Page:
Virtually every morning now, the sun rises and very quickly becomes the great inhibitor to forays on foot in search of birds. For me woodlands and riverside walks are bearable early mornings, but temperatures quickly rise to make this a little uncomfortable as early as around 10 am.
Now is a great time of year to get along early to a bird hide. Youngsters join their parents visiting a nearby waterhole and can provide endless entertainment as they compete for the shallows to bathe and drink. I am lucky, my friend and colleague Pieter Verheij, has a hide in the middle of a traditional and typical oak forest hereabouts in Ronda. The hide is sheltered by the shade of an oak tree and the front is an amazing picture window of spyglass. The hide even has its own bathroom!
Throughout the remaining summer months and into early autumn, this site will produce a constant procession of varied species coming to drink and bathe. The sheer number of birds and species is amazing. Virtually all your typical woodland warblers such as Subalpine, Bonelli’s, Iberian Chiffchaff and even the elusive Orphean Warbler will put in an appearance. Both Iberian Green and Greater-spotted Woodpecker are regular along with members of the Tit family. Nuthatch and Short-toed Treecreeper are frequent and Wryneck can be regular some years.
I enjoy the solitude and cool in summer by watching from this amazing hide. Flycatchers, thrushes and the shy Jay are wonderful to witness at such close quarters. Nightingale will be drinking and probing the surrounds of the pool, oblivious to my presence only a meter away! Of course, by being still and hidden from the birds, surprises are frequent. Booted Eagle, Honey Buzzard and Sparrowhawk can and do come to bathe and drink, as too does the local Common Buzzard. Some mammals too can come close and I have enjoyed great views of Egyptian Mongoose, Fox, Red Deer and even the hop skip and jump visit of Weasel.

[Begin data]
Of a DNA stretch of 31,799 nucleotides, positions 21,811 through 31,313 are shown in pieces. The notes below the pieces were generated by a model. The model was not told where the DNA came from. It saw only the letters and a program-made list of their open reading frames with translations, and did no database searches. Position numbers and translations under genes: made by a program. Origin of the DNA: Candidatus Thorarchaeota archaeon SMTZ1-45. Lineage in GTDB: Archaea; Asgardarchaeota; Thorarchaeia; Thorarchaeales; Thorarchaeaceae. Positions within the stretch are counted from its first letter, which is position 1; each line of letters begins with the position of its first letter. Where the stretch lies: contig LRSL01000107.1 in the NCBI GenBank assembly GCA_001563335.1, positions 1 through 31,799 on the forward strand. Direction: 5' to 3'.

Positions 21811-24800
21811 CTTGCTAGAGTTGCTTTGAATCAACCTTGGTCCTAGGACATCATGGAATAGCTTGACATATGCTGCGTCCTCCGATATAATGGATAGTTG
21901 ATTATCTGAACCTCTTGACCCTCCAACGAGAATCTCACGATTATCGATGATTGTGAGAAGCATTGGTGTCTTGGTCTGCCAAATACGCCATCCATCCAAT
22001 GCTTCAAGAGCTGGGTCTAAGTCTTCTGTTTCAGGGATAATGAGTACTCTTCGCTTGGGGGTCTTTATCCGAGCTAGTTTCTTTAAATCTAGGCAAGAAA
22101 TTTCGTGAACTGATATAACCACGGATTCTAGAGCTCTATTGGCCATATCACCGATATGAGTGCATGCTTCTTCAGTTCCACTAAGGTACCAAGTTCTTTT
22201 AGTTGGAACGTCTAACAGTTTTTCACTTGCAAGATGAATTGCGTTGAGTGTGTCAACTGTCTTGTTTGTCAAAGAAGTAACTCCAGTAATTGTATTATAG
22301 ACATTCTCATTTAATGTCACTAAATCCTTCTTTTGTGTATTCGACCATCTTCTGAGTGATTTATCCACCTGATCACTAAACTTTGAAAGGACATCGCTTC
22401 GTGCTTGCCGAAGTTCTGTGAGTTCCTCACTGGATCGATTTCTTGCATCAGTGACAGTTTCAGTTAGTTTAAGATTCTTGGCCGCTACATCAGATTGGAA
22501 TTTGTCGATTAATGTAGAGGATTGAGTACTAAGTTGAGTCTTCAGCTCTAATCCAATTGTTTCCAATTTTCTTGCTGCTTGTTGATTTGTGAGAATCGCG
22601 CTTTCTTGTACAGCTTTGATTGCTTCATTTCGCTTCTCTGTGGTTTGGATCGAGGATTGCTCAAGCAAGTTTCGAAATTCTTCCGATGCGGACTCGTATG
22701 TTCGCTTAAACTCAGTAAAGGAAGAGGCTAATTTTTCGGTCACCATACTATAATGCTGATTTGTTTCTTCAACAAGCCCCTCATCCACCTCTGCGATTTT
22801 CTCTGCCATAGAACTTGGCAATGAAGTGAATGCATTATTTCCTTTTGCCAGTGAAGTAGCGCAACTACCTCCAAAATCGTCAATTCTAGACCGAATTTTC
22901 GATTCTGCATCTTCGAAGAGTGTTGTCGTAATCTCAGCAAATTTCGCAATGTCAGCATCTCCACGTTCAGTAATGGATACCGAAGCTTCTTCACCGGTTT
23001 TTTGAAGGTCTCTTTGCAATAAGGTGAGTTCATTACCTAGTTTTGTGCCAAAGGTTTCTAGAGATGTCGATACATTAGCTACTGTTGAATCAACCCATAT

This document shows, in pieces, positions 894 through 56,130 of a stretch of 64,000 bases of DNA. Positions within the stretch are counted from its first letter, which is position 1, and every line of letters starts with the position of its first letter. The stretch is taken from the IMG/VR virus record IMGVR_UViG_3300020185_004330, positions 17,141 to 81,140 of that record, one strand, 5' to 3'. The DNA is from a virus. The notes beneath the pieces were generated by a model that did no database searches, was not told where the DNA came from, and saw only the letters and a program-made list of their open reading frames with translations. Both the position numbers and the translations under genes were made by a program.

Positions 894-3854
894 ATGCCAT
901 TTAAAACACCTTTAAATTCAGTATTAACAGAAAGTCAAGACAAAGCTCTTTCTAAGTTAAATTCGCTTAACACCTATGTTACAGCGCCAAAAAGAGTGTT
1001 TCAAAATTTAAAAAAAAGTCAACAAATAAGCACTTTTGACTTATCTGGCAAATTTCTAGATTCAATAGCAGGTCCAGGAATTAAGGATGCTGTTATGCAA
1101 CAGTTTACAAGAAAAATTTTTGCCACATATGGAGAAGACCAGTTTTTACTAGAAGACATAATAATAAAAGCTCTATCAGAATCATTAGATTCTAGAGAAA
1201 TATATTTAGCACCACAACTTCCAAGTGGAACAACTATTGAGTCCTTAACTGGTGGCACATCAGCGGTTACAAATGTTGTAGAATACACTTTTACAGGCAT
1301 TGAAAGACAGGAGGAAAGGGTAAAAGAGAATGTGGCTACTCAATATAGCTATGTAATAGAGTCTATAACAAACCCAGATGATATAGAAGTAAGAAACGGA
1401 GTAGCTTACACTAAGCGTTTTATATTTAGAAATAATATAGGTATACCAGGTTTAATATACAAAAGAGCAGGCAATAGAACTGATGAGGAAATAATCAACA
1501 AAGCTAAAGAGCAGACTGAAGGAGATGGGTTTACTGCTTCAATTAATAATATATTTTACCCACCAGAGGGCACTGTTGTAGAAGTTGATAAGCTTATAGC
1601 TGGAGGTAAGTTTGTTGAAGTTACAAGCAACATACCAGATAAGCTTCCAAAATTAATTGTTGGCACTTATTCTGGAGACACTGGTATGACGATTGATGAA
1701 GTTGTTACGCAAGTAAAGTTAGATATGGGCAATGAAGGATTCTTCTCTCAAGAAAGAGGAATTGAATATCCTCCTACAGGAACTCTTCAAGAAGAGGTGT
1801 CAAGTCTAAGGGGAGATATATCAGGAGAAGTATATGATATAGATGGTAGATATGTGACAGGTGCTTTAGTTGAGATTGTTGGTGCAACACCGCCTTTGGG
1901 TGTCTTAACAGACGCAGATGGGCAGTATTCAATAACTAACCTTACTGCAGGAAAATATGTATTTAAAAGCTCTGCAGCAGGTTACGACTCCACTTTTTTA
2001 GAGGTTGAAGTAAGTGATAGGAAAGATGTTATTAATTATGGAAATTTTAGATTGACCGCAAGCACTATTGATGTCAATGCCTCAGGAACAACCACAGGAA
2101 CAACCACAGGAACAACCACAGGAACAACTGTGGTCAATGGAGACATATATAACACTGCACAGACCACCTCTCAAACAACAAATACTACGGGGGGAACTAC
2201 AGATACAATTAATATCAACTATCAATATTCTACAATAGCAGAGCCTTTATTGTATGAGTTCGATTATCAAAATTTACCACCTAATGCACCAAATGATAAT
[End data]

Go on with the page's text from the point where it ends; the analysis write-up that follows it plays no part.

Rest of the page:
The hide, unsurprisingly, is very popular with bird photographers. Pieter has been fastidious in the choice of spyglass, the top end glass gives crystal clear views and no distortion to photo images. Although I take my camera with me, I have probably missed so many photo opportunities due to just being preoccupied by watching so many birds coming and going. To be so very close to so many otherwise shy and elusive birds is a pure joy, especially in the cool of the hide. It provides the perfect escape from high summer heat. And birding whilst drinking my chilled drink and eating a naughty chocolate nibble, whilst the birds are unaware of my voyeurism, is my idea of lazy summer birding.
Article: Peter Jones
Photos: Peter Jones
Note: The views expressed in articles are those of the authors, and are not necessarily those of the Society.